God would have His workers treat their vocal organs with special care, as a precious gift from Him. These organs are not to be abused by overtaxation. Let great care be shown in their use. Then the discourses given will be more impressive, and those who speak will be enabled to do more work for the Master. There are men who have gone down to the grave because they did not take pains to be in harmony with nature's laws in their use of the vocal organs. VSS 261.4

The Lord would have His messengers guard sacredly their health and strength. They are not to sacrifice their God-given organs by misusing them. One organ is not to be overstrained, made to bear a burden of abuse that will bring disease and cut short the usefulness of the workers. VSS 262.1

The Lord would have you improve in speech by placing the burden where it belongs, upon the muscles of the chest and abdomen. The throat is only the channel for the words. Speak slowly and breathe deeply. This will enable you to throw out your words with distinctness and volume, while the throat and lungs, instead of being injured, will be strengthened to resist consumptive tendencies. VSS 262.2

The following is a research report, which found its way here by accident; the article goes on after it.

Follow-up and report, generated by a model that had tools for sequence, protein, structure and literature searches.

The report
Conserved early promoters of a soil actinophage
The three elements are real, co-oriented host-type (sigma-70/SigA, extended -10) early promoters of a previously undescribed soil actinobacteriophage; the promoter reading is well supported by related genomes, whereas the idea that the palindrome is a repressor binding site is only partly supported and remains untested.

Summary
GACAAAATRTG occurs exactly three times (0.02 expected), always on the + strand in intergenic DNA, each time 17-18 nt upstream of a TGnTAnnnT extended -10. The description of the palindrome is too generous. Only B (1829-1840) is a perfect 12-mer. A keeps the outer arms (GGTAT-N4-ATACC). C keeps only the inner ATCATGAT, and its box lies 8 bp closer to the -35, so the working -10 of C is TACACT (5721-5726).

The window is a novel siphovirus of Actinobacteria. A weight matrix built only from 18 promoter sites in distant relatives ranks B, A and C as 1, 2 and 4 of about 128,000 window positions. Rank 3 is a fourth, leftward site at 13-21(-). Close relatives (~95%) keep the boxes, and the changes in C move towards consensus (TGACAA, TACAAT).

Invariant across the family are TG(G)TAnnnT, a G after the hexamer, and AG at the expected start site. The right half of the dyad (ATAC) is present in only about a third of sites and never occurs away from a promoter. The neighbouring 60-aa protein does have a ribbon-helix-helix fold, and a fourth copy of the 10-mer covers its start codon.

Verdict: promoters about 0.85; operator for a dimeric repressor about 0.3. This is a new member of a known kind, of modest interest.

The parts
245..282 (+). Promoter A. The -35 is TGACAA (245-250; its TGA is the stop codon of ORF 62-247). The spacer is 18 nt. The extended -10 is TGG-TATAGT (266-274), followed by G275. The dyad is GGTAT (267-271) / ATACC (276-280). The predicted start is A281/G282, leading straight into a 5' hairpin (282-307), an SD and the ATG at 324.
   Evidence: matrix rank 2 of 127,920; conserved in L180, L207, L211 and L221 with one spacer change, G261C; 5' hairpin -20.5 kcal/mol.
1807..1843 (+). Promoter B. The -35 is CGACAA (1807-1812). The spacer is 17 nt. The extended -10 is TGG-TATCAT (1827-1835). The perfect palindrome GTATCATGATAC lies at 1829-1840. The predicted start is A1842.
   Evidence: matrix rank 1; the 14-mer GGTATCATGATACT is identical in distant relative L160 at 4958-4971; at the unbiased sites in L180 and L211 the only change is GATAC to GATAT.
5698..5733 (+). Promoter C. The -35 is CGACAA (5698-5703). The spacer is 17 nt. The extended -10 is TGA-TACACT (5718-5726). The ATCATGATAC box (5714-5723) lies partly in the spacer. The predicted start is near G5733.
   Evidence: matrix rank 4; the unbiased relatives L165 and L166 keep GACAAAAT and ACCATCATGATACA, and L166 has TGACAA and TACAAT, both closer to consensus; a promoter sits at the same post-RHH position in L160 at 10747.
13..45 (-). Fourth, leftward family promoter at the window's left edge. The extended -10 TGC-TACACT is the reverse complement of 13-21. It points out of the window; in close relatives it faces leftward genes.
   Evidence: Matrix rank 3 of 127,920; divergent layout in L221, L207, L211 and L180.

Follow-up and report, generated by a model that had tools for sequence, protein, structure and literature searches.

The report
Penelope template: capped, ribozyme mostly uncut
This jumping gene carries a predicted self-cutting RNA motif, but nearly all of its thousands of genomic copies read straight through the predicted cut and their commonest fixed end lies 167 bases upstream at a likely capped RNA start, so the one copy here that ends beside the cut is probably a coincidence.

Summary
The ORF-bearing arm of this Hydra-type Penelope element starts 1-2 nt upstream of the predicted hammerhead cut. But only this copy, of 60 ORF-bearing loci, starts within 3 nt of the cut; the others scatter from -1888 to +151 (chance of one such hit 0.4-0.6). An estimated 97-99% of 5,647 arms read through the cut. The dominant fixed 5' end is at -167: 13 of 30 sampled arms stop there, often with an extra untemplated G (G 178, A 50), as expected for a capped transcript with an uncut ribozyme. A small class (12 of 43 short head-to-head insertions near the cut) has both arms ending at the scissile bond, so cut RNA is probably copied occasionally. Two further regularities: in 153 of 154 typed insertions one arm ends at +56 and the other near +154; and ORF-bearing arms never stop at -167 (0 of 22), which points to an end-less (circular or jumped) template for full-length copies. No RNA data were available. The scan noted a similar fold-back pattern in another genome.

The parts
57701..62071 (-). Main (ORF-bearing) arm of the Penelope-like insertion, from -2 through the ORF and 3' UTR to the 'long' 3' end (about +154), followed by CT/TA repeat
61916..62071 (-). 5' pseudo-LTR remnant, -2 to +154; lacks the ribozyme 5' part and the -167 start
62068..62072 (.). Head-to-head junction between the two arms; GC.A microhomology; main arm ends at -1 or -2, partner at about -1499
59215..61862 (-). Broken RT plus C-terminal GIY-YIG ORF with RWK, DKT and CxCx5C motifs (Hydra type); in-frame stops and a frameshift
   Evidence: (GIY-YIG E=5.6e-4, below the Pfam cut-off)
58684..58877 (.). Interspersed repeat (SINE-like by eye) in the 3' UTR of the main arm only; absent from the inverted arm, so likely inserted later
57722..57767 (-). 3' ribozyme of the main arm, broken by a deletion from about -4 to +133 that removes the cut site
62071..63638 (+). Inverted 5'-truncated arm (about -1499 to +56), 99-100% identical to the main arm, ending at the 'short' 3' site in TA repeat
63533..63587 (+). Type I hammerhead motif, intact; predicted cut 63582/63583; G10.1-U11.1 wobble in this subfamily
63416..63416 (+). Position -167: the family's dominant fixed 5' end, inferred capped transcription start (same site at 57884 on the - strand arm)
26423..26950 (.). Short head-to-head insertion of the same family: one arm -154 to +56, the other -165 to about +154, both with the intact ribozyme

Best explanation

It is your privilege to take lessons in voice culture, if possible. Voice culture is a study that should find a place in every institution for the education of the youth. Especially is this study essential for those who are preparing themselves to labor as teachers or ministers. In every study the importance of speaking slowly and distinctly, and of placing the burden upon the muscles of the abdomen, should be made prominent. This line of work should be made a specialty in every school. The students should be taught to stand straight, to breathe deeply, and to give the proper emphasis to important words and sentences.... VSS 262.3